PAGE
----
After closing her skin care shop Monday on Kentucky Street, Carly Rickards walked past the spot where a man was stabbed to death early Sunday in the heart of downtown Petaluma. It’s the same walk she makes six days a week.
As dusk approached Monday, there was a bouquet of flowers and a lone candle in the pedestrian walkway she takes to reach her car in the Keller Street parking garage in a part of the town’s historic west side that is no stranger to violence.
“I am pretty surprised and shocked,” said Rickards, 38, of Petaluma, who now is considering carrying a can of Mace in her purse. “It makes me a little nervous. I have a false sense of security that’s been shattered a bit.”
Other residents of Sonoma County’s southernmost and second-largest city with a population of about 61,000, put the homicide in perspective.
“I certainly hate to hear about anybody that died, but I’m not surprised,” said Joel Sealfon, walking with his wife, Heidi, from their Kentucky Street business. “You’ve got three bars pumping out booze every day. Kids drink. They don’t know how to control themselves.”
The Sealfons said they often dine out downtown, but wouldn’t come to Kentucky Street late at night.
Police have made no arrests in the murder of a Windsor man, identified Monday as Cristian Nunez-Castro, 24, slain early Sunday in an altercation in the walkway near the garage. An autopsy showed he suffered a fatal chest wound, Petaluma police Lt. Tim Lyons said.
A second unnamed stabbing victim, believed to be acquainted with the dead man, suffered an elbow wound.
Investigators were looking for witnesses and poring over downtown surveillance footage that could have captured images of the suspect.
He is believed to have been injured and left a trail of blood in the alley from the Golden Concourse walkway to Washington Street and toward the Phoenix Theater. The blood trail showed he turned back, heading down Keller Street and disappearing into the parking garage.
One witness reported hearing loud screeching sounds of a vehicle speeding away about the same time, possibly running stop signs on Western Avenue, Lyons said.
He asked anyone with information to contact Detective Walt Spiller at 707-778-7372.
Over the years, the garage has been the scene of fights and at least one shooting. In 2008 two people were shot and injured in a confrontation that started at the nearby Phoenix Theater. Last year, a 16-year-old boy was hospitalized after being attacked on the roof. In August, a gunman held up a man and woman walking on nearby Liberty Street. No arrests have been made in that case, Lyons said.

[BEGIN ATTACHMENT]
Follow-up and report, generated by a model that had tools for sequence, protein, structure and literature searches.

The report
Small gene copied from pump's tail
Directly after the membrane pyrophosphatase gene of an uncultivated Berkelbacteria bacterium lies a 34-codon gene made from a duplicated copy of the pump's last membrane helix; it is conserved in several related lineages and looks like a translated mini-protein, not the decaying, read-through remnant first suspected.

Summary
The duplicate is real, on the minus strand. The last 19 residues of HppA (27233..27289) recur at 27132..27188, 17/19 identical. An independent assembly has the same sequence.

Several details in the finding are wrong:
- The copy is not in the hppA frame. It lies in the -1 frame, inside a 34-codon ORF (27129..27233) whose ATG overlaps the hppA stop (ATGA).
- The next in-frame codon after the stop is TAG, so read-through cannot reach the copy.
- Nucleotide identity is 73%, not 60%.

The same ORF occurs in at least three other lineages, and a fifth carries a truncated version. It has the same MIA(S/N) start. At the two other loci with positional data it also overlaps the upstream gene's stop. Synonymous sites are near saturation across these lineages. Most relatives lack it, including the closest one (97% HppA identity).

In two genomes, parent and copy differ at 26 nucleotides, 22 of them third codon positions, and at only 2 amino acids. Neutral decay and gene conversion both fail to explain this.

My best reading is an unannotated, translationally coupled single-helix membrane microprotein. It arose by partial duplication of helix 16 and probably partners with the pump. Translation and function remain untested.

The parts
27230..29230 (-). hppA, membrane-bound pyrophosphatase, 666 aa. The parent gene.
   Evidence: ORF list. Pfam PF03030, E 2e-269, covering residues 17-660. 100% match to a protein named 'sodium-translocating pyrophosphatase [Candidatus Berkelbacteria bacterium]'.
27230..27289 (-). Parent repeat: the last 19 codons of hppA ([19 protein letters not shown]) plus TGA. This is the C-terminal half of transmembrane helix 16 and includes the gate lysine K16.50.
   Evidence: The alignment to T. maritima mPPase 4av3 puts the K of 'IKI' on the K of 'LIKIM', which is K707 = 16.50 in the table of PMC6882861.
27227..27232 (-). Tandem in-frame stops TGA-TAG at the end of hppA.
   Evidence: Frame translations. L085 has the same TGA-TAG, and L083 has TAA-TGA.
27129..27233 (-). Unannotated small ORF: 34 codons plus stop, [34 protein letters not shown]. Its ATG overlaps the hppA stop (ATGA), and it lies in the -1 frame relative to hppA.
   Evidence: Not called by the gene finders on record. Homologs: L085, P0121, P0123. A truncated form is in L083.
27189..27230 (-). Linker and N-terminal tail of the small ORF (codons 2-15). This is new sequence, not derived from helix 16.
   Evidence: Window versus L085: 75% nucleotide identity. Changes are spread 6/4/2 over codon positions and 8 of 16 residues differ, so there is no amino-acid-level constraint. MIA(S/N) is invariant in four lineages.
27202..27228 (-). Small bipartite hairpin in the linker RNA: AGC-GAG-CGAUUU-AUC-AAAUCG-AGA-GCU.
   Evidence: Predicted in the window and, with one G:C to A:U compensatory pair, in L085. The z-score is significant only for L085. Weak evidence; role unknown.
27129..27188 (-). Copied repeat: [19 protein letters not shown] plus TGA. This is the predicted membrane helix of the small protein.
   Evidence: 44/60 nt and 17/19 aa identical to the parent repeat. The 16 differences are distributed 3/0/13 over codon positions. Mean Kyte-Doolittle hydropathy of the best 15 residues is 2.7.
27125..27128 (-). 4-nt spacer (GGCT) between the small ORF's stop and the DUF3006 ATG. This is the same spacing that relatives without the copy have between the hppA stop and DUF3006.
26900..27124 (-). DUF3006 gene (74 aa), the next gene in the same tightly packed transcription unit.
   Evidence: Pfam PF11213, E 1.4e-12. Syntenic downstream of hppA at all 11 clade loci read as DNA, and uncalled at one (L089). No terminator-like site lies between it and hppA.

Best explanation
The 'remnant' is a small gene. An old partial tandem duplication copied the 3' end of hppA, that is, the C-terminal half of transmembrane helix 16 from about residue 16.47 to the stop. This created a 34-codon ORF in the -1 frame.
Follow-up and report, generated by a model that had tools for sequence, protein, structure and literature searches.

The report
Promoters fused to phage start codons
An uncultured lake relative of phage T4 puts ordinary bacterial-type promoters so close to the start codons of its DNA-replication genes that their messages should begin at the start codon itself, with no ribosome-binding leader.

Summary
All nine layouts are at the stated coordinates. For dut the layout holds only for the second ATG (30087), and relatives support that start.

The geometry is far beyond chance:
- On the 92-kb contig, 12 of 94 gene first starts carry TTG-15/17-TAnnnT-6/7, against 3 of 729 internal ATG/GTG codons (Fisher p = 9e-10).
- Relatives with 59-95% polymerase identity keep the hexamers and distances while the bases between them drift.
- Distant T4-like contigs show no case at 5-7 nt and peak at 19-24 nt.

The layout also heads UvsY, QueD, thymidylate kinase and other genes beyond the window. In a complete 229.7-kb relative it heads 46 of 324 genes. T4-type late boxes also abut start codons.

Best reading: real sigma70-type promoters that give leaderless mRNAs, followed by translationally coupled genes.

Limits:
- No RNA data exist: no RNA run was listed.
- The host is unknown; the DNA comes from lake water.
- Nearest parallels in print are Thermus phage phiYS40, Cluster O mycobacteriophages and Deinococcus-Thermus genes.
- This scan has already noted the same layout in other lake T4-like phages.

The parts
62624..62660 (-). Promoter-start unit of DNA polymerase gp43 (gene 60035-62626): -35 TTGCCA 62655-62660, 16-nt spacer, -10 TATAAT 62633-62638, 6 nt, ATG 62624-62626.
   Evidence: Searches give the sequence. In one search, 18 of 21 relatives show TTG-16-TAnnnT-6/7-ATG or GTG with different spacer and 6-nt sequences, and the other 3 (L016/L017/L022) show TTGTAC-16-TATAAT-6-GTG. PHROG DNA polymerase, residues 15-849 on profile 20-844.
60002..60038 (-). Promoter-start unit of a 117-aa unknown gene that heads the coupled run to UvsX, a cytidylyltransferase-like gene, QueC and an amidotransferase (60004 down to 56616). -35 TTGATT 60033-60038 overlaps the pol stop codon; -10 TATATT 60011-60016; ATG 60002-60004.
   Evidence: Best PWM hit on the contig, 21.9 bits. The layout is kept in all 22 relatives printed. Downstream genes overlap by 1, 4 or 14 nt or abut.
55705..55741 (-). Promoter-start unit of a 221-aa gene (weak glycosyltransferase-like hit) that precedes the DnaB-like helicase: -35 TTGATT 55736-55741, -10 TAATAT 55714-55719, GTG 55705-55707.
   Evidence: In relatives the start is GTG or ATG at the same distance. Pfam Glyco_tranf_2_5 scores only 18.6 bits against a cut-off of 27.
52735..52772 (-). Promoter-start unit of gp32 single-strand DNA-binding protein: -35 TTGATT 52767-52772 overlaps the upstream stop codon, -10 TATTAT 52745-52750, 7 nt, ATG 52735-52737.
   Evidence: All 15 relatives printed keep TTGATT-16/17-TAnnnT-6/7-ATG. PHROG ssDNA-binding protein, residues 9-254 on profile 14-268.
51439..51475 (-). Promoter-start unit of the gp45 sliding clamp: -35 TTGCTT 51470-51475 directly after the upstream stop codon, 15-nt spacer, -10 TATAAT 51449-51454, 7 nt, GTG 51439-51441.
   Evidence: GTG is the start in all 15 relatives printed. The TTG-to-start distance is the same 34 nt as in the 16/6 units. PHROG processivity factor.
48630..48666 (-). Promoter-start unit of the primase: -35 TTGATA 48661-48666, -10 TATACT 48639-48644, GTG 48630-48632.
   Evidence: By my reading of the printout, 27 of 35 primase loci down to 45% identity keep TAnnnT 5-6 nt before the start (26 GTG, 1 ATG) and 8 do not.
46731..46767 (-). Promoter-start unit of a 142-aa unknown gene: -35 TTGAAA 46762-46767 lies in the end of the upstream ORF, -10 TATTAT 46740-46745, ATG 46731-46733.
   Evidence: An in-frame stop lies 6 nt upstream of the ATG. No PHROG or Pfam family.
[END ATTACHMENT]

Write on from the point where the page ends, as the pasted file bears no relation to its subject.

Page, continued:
He said the garage is equipped with cameras but they are not working. Detectives will rely on recordings made by cameras at private businesses, such as the Petaluma Market across the street. The attack on Nunez-Castro was reported about 1:45 a.m. Sunday in the alley north of Topsy’s Kitchen, just as bars on Kentucky Street were beginning to close.
It was unclear if the victims were bar patrons or even whether they were together.
A bar bouncer who did not give his name said he ran out to the alley after a report of two men fighting. He said Nunez-Castro had been slashed across the stomach and was on the ground, holding in his own intestines.
A bystander tried to help him but he was “going in and out of consciousness” before being taken away in an ambulance, the bouncer said.
Later that morning the area was cordoned off with crime scene tape and maintenance crews used machines to scrub blood off the ground. County coroners officials released Nunez-Castro’s name Monday after notifying his family.
Petaluma police haven’t released the name of the surviving victim.
Johnny Zelada, a Petaluma resident, said when he drove by while crews were cleaning up the blood, the parking garage was closed and police were photographing the crime scene.
“It’s not a bad part of town, it’s just on the weekends it gets crazy,” he said. “Just about every weekend there’s a fight” emanating from one of the three bars on Kentucky Street between Western Avenue and Washington Street.
Helen Porter, a Petaluma resident who works at Sonoma Cutlery on Kentucky Street, said she wasn’t rattled by the brutal crime.
“No, because it was 1:45 in the morning. I wouldn’t be here at 1:45. I’m aware of what happens then,” she said. “I think most downtown areas, Petaluma included, are not the safest areas, especially when the bars let out.”
When it gets dark on Kentucky Street, “I don’t really walk around by myself.”
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